which was very good until the last chapter when he basically mocks 'self-taught' artists. Maybe the savage criticism of Bowies's Cork St show went along these snobby art establishment lines. By the way, I love Perry's work and the man himself, pity he had to conform . . .
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Joined: November 17th, 2004, 7:51 pm

April 10th, 2018, 7:25 am #9

Odysseus wrote: I thought so Paul (art school Vs normal school). Just read Grayson Perry's Playing to the Gallery: Helping Contemporary Art in its Struggle to Be Understood

which was very good until the last chapter when he basically mocks 'self-taught' artists. Maybe the savage criticism of Bowies's Cork St show went along these snobby art establishment lines. By the way, I love Perry's work and the man himself, pity he had to conform . . .
To each his own of course but my favourite Bowie artworks are the Dhead series. It seems to me they are a big contribution to his ongoing interest in freaks, isolationists and alienated people that he often talked about.
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Joined: February 24th, 2018, 11:05 am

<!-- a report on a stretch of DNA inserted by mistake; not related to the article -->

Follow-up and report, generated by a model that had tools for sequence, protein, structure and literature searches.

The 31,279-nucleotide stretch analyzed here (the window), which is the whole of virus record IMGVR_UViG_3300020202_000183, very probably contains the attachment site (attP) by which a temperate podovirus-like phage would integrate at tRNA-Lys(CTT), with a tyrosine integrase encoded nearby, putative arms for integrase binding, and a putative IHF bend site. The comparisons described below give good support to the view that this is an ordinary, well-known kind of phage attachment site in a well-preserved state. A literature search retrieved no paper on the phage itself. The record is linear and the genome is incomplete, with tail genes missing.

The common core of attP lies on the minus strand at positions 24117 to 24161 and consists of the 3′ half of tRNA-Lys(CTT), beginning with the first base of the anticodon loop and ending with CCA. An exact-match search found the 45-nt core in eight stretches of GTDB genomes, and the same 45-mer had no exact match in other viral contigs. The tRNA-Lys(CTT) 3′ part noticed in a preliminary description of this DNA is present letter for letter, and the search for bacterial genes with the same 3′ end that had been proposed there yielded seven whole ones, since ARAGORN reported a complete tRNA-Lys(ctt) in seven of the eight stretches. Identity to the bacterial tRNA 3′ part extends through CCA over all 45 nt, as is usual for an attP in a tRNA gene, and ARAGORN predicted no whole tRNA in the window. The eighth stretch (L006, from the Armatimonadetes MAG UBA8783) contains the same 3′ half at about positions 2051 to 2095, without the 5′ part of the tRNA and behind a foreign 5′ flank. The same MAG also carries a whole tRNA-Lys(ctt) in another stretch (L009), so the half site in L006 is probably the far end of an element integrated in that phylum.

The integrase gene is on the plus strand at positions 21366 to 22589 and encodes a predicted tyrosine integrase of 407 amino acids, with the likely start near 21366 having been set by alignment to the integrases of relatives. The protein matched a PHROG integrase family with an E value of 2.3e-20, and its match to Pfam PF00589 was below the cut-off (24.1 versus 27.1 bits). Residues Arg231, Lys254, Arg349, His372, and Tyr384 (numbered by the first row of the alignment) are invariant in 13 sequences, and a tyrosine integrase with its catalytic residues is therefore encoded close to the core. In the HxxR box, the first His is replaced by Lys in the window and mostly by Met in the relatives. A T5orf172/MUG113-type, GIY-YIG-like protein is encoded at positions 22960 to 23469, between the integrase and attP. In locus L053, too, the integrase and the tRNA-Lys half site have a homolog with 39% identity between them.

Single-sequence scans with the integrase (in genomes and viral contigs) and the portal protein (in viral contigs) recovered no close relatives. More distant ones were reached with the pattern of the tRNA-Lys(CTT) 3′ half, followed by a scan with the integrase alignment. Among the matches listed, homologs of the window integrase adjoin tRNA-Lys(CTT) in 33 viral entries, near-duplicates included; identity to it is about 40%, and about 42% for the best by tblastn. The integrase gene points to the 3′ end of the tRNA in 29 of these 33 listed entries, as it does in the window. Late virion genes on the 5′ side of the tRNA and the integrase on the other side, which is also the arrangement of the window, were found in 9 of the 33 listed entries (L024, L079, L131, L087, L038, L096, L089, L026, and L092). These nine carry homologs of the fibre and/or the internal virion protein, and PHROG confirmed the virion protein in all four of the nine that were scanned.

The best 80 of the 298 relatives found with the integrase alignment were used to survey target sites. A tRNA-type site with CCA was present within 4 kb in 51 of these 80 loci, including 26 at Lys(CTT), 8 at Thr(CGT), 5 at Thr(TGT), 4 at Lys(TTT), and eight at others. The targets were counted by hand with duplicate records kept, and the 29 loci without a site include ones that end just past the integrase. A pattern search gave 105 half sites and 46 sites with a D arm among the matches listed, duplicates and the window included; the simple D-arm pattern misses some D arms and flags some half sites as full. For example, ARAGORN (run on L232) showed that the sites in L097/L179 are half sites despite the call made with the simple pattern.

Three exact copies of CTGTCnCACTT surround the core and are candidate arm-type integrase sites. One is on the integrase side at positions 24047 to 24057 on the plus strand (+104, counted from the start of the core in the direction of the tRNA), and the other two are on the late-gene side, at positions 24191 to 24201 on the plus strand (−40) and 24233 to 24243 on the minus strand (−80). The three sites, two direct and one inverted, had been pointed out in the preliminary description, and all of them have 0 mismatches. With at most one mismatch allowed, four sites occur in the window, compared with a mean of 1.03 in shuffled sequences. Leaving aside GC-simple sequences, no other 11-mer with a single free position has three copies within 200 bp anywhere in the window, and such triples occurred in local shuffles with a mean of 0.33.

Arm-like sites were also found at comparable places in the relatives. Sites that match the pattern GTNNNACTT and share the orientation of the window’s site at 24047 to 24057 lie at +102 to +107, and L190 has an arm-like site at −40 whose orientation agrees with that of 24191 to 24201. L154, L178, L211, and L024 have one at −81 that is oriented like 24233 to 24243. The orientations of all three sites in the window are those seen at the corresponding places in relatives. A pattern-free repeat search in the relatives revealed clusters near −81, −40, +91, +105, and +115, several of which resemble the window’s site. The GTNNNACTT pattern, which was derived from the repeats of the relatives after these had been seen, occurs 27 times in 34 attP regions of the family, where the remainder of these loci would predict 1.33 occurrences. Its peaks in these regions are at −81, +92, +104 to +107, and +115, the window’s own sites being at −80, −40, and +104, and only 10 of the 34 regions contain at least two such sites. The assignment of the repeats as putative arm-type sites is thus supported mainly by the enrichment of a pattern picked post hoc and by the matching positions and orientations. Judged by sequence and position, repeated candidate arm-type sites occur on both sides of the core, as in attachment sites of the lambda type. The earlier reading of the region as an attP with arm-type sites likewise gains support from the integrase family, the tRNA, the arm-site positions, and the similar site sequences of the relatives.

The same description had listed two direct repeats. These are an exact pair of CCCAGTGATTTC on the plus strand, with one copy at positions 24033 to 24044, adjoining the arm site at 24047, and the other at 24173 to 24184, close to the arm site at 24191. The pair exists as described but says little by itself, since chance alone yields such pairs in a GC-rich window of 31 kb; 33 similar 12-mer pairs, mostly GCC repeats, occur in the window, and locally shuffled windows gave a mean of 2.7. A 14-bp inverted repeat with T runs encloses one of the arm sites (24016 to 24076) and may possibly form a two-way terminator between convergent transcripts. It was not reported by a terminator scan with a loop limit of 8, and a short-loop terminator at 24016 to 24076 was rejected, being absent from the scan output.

April 11th, 2018, 3:16 pm #10

Interesting point david. My favourite 2 would be Child in Berlin and the portrait of Iggy Pop in a yellow field with trees. Often wondered if the child in Berlin painting was really a self portrait of sorts. As in, he found his inner child again in Berlin? Just athought.
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Joined: January 17th, 2009, 6:29 pm

April 12th, 2018, 3:47 pm #11

It’s interesting to see that he really could draw when he felt like it, but modern art de-emphasizes drawing (I see it as an anti-elitist pose) and emphasizes surface and accident. Mr. Bowie’s art strikes me as wildly inconsistent in quality, probably because he didn’t have to make a living at it. Once you get into the gallery hustle there’s a lot of pressure to tie down your style. Mr. Bowie was using images for self-exploration, so he had the freedom to be “unproductive”. I’ll see his stuff in Brooklyn so I’ll be able to get a better sense of it. I’ll say he’s no Schiele, but who is?
"Schtum!"